Translate

There was an error in this gadget
power by WikipediaMindmap

Share It

Monday, May 24, 2010

Repeating the Same Behavior and Expecting Different Results

"Insanity: Doing the same thing over and over again and expecting different results."
Albert Einstein


Albert Einstein:  Definition of Insanity: Doing the same thing over and over and expecting different results
Repeating the Same Behavior and Expecting Different Results:
I was talking to a friend recently about the idea of "repeating the same behavior and expecting different results." She gave me permission to tell her story as part of my blog because she thought it might be helpful to other people. So, let's call my friend Donna (not her real name).

Several years ago, Donna was expressing her ongoing frustration to me about her boyfriend's compulsive overspending. She and I talked about this numerous times. She usually said something like, "I told him, 'If you don't stop overspending, I'm going to stop bailing you out,' but does he listen to me? No. He just keeps overspending and I keep lending him money to pay his bills."

Donna and her boyfriend were caught in vicious cycle of his overspending and her bailing him out and then her feeling resentful about it. She knew she was caught in a cycle, but she didn't know how to get out of it. At the time, she couldn't understand why he didn't change.

One day, I came across a poem by Portia Nelson called "There's a Hole in My Sidewalk" and I thought of Donna and her habit of continually bailing out her boyfriend and continually feeling resentful about it. So, the next time that she complained to me about her boyfriend's overspending and her efforts to bail him out, I said to her, "It sounds like you have a hole in your sidewalk." She looked at me as if I was crazy, but before she could say anything else, I gave her the poem:

There's a Hole in My Sidewalk - By Portia Nelson

Chapter One:
I walk down the sidewalk.
There is a deep hole in the sidewalk.
I fall in.
I am lost...I am helpless.
It isn't my fault.
It takes forever to find my way out.

Chapter Two:
I walk down the same street.
There's a deep hole in the sidewalk.
I pretend I don't see it.
I fall in again.
I can't believe I am in the same place.
But it isn't my fault.
It still takes a long time to get out.

Chapter Three:
I walk down the same street.
There is a deep hole in the sidewalk.
I see it is there.
I still fall in...it's a habit.
My eyes are open.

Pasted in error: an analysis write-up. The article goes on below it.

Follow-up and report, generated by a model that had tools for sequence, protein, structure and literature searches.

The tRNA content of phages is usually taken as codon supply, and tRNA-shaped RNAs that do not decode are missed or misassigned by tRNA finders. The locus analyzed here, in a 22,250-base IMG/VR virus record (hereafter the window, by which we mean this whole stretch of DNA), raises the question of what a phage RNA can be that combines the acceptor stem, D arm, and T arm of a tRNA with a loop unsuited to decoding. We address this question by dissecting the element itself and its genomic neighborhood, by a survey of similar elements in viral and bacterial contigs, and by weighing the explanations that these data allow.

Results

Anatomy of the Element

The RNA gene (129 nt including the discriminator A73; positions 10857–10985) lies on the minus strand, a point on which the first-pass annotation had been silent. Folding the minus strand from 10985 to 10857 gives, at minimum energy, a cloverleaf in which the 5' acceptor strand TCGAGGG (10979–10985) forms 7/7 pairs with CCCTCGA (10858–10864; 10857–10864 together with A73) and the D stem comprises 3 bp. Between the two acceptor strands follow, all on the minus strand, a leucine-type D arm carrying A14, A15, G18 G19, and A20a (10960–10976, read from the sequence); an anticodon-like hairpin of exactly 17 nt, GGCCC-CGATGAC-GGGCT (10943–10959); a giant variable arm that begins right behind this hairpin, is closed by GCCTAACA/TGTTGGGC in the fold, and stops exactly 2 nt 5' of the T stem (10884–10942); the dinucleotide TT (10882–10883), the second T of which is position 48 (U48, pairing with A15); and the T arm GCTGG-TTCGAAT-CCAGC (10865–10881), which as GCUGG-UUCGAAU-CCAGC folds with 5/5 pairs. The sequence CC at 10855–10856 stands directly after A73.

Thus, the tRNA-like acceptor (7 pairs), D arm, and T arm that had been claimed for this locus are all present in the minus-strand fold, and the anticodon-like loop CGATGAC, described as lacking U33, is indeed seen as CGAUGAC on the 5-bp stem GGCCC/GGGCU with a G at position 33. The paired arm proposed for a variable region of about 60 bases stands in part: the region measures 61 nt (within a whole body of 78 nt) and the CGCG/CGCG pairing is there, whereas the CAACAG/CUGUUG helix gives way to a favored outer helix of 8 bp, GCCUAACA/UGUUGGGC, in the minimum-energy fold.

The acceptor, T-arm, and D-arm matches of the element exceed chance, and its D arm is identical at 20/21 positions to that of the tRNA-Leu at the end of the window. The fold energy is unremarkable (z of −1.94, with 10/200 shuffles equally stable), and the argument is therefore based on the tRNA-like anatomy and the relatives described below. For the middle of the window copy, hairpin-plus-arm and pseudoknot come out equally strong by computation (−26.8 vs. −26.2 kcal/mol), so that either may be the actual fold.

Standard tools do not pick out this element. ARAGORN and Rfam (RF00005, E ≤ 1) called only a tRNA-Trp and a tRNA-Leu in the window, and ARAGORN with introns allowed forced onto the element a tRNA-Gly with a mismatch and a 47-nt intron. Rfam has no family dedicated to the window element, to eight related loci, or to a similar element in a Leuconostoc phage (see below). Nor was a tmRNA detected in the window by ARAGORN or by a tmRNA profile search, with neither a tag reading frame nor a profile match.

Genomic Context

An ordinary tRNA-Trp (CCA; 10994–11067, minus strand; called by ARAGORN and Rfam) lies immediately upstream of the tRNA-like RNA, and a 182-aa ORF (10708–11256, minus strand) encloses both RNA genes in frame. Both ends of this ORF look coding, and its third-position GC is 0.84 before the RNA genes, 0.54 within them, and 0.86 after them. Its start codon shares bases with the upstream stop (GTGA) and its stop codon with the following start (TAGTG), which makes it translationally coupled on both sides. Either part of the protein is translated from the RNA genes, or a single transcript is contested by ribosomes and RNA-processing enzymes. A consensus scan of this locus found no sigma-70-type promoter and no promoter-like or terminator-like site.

I know where I am.
It's my fault...I get out immediately.

Chapter Four:
I walk down the same street.
There is a big hole in the sidewalk.
I walk around it.

Chapter Five:
I walk down another street.

After she read the poem, Donna smiled and said, "I see what you mean. I keep falling into the same hole. I need to walk down another street."

Shortly after that, Donna found a therapist to work on this issue, and she also started attending Al-Anon to deal with the codependent dynamics between her and her boyfriend. When her boyfriend approached her the next time to tell her that, once again, he ran up his credit cards and he wanted to borrow money from her, she told him that she couldn't lend him the money. It was very hard for her to break her usual pattern of bailing out her boyfriend because she had been doing it for so long and he had come to expect that she would bail him out. So, of course, there was no incentive for him to change because he never had to face the consequences of his behavior. She told him that he would have to figure out some other way to deal with his debts. Needless to say, her boyfriend was very unhappy with this response and he couldn't believe that she wouldn't lend him the money.

Donna's refusal to continue in the same codependent behavior caused a big argument between them, and her boyfriend ended their relationship. The breakup was very hard for Donna. She went through several months of emotional pain and doubt as to whether she had done the right thing by refusing to lend her boyfriend money. Several times, she wanted to pick up the phone and tell him that she was wrong and try to reconcile their relationship. But deep down, she knew that she had done what was right for herself as well as for him.

A year later, Donna met the man who eventually became her husband. She is very happy in her relationship and, in hindsight, she realized that refusing to keep "falling down the same hole" over and over again with the same results was one of the best things that she had ever done for herself.

Making a change is a process. And changing an established pattern can be very difficult. First, you have to be aware that you're engaging in this pattern and recognize the consequences of it. It's very easy to be in denial and to blame other people or external circumstances. If and when you do become aware of an ongoing pattern that is not bringing you the results that you want, you have to be willing to change. Once you have established the willingness to change, you need to take action to stop repeating the same pattern.

If you discover that you're caught in a cycle where you continue to repeat the same behavior with the expectation of different results, you might benefit from working with a licensed psychotherapist who can help you through the change process.

I am a licensed NYC psychotherapist, hypnotherapist, EMDR, and Somatic Experiencing therapist. 

I work with individuals and couples.

To find out more about me, visit my website: Josephine Ferraro, LCSW - NYC Psychotherapist

To set up a consultation, call me at (212) 726-1006.

photo credit: Dan Correia via photopin cc

No comments: